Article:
VanDweller Community Forums

Full Version: Looking down on the car/vandweller.
You're currently viewing a stripped down version of our content. View the full version with proper formatting.
Pages: 1 2 3 4 5
(09-30-2014, 11:05 PM)akrvbob Wrote: [ -> ]Try to see it from their point of view, every day they see hundreds of homeless people who are either mentally unable to get out of being homeless or desperately want to get out of being homeless but can't. All their experience is that being Homeless is bad and to be avoided.

They share that view with 99% of America, are we going to hate and insult all of them? Or should we do what Owl said and try to have understanding and open a dialogue?

On the other hand, nearly all of us our experience the "homeless" which are vandwellers, as being very happy with their lives.

I can promise you this, we vandwellers are a teeney tiny percentage of all Homeless. As a percentage, the view of the Rescue Mission is much more accurate than ours.

Neither of us are wrong, or evil, we just live in different worlds.
Bob

I have been there, and can appreciate the difference. I was homeless with a family and three little children. Once again the only real help was from private sources, and not the government.

I am not homeless, I am on an extended Walkabout.
Quote: if someone really intends something for my good out of honest compassion, I should celebrate that attitude and not hate them for it.

'Honest compassion' comes from individuals, not from institutions.
(09-30-2014, 11:05 PM)akrvbob Wrote: [ -> ]All their experience is that being Homeless is bad and to be avoided.

They share that view with 99% of America, are we going to hate and insult all of them? [b]Or should we do what Owl said and try to have understanding and open a dialogue?

Neither of us are wrong, or evil, we just live in different worlds.
Bob
(Paraphrased)

Another excellent point!

Another good example I see often is how people handle it when they have to interact with hospice workers. Some are open to the idea of a good death while others are not. Depending on what your self image is based off of determines your thoughts and beliefs about the hospice philosophy. I can tell you there are a great range of reactions from out right hatred (rare) to complete acceptance. I accept all reactions as being valid to the owners of those reactions but also have the right to have my own individual beliefs. But I also avoid interacting with minds that are closed.
Homeless shelters, assistance programs, hospices - all very good things and I am sure the majority of those running them have their hearts in the right place. But were I full-timing in my van, have all the amenities I need, am not starving, am enjoying my life, and have my mail forwarding, online banking, and other societal contact needs met, it would really irk me to be considered "homeless". I have a 'home', it is simply mobile.
Perhaps if we as a viable 'mobile community' could contact and educate these folks running these entities, let them know that we are NOT homeless and have good enriching lives, they could be made to understand?
Maybe we shouldn't be so thin-skinned that we get mad at the vast majority of people who simply don't understand.

Our being mad at them has no impact on them at all, but it does real harm to us.

Bob
it didnt really bother me...remember the context..they are writing about people that ARE homeless, relevant to their mission, and where they might be found so help can be gotten to them. fact is those people CAN be found in cars also.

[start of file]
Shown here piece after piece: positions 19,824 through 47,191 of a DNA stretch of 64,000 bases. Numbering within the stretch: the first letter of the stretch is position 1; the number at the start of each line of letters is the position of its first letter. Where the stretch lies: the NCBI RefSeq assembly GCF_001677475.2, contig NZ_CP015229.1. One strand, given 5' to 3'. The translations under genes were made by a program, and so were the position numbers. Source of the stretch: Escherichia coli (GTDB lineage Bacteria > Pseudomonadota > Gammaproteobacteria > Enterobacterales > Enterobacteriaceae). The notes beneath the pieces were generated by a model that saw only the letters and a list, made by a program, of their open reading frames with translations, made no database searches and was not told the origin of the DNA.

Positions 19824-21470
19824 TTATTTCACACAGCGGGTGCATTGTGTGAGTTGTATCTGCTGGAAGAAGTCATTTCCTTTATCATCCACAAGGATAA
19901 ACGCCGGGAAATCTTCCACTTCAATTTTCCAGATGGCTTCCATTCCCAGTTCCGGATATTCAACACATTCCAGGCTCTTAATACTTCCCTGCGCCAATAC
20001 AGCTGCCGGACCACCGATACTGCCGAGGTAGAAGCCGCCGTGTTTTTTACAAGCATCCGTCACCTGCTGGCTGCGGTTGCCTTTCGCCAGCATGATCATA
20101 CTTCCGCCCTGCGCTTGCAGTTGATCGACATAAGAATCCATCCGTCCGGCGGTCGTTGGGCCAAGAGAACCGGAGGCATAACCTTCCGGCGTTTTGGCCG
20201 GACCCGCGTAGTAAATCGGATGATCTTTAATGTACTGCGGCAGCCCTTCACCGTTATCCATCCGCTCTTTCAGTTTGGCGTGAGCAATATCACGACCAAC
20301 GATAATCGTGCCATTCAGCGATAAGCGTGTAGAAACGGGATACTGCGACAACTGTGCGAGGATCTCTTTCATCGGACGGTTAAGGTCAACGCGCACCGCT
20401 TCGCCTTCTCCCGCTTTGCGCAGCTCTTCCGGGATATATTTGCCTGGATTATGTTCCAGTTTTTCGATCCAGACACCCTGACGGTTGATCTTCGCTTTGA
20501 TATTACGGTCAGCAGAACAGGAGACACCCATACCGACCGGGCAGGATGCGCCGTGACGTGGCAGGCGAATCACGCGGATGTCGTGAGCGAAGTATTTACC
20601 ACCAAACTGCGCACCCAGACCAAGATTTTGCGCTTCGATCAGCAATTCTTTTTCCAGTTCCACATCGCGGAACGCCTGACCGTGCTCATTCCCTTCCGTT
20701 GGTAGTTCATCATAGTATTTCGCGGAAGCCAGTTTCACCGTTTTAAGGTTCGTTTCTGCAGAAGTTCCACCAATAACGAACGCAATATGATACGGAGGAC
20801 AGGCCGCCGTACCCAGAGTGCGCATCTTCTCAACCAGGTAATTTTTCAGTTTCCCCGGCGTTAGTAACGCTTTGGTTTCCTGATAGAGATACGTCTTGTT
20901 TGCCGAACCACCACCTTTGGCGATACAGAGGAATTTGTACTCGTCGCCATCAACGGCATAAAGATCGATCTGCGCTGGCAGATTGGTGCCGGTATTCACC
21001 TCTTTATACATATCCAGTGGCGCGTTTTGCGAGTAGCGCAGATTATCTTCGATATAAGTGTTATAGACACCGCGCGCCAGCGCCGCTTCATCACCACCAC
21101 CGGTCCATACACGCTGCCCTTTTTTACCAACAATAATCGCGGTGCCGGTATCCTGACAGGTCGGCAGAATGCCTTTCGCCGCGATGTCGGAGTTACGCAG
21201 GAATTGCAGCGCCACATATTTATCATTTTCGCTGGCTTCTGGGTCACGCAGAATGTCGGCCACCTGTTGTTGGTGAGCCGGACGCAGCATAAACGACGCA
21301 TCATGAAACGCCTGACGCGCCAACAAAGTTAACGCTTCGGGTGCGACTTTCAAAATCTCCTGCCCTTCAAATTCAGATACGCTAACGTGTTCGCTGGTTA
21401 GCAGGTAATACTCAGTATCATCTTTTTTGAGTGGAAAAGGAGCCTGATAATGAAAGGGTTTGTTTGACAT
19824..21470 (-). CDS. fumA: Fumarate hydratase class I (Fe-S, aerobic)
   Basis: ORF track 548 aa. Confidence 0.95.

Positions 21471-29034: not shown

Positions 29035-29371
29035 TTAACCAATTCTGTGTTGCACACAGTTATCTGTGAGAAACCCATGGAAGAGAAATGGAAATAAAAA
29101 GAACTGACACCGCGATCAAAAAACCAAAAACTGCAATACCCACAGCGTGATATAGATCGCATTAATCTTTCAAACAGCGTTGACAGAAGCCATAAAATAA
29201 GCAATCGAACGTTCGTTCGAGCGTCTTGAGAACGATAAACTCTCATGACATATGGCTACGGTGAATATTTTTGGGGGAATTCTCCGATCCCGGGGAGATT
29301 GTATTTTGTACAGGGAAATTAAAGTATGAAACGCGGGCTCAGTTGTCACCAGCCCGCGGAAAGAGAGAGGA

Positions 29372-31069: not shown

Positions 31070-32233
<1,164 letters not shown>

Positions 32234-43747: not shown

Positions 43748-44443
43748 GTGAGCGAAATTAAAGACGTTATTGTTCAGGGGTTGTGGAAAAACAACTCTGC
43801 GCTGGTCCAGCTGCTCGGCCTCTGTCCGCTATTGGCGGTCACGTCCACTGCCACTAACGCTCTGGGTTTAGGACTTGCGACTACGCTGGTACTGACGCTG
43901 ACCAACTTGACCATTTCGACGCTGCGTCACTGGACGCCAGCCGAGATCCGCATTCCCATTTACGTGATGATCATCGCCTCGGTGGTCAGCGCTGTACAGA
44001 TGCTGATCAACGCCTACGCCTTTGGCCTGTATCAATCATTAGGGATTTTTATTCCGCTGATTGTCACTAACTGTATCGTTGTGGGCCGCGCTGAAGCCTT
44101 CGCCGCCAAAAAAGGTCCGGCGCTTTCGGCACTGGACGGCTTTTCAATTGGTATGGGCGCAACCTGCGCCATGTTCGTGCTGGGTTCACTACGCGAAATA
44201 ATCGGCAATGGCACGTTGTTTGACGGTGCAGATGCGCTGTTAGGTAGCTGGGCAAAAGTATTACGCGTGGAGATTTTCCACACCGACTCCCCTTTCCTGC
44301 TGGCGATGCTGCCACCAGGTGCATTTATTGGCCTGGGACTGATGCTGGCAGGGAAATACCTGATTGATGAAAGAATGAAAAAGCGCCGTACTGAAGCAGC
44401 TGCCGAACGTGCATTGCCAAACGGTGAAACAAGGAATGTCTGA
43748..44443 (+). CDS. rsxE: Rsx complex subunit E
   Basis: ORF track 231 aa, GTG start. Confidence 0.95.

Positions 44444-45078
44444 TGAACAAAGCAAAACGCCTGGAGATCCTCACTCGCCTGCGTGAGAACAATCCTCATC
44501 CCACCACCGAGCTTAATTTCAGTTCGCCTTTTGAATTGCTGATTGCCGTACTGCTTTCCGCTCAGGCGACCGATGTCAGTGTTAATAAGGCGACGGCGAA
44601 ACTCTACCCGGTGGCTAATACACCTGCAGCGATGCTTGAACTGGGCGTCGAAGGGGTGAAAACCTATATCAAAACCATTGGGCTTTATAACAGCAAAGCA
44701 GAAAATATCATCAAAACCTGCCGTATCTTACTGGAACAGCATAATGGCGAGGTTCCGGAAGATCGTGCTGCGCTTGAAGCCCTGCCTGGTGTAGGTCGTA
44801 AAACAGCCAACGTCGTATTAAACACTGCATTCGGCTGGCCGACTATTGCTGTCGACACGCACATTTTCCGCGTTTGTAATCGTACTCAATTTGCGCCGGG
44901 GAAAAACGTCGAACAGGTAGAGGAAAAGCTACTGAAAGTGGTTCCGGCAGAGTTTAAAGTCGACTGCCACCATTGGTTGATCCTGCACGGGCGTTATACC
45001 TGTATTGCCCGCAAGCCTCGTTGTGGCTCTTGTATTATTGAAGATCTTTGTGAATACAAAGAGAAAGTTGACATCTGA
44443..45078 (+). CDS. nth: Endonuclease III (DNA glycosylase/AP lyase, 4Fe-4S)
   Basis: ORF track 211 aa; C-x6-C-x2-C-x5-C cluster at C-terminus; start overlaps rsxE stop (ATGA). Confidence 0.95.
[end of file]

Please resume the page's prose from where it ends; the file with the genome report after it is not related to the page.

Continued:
Quote:Living without a home of your own is a devastating experience. But sleeping without a home is downright difficult. Some of these places receive media attention. Others may surprise you. But all of these overnight accommodations are completely unacceptable for regular human habitation.

And if you read carefully, you will see the problem. Since many of you haven't I will point it out. The Quote should read

"Living without a HOUSE of your own is a devastating experience. But sleeping without a HOUSE is downright difficult. Some of these places receive media attention. Others may surprise you. But all of these overnight accommodations are completely unacceptable for regular human habitation."

The writers of the article mistakenly assumes that a HOUSE is a HOME and only a HOUSE or similar structure (apartment, townhouse, etc) is able to be a HOME. Unfortunately a large segment of the population thinks the same way. I have had folks feel sorry for us because we live in a converted school bus. They have never seen it, never been in it (nor would they be allowed either) yet they seem to have a mental image of a school bus... with all the seats still in it apparently.... that does not remotely compare to the Residential Vehicle that we live in. You should see the look on peoples faces when I talk about things like the fireplace we just finished tiling! Gee, doesn't all schoolbuses have fireplaces in them? It's kinda fun messing with folks.
Completely unacceptable for human habitation.

I said that about my kids room more than once.

I have also slept on a couch as a child that felt that way to my back.

Then there was that residential hotel in the Napa Valley...

My opinion is just as valid as any one else's.

My opinion and $4.50 will buy a fancy cup of mediocre coffee at Starbucks. (What happened to a good 5 cent cup of Joe?)

My home is what it is. No apologies and always continuing improvements. I drive away in my fully paid for and insured home while "they" drive their leased car to their over priced rental from a job that almost pays to keep up the style.

In the long run~~~ What ever makes you happy.
Quote:Completely unacceptable for human habitation.

I said that about my kids room more than once.
Big Grin Amen to that!
My Mom said that about my room on occasion! Smile
Pages: 1 2 3 4 5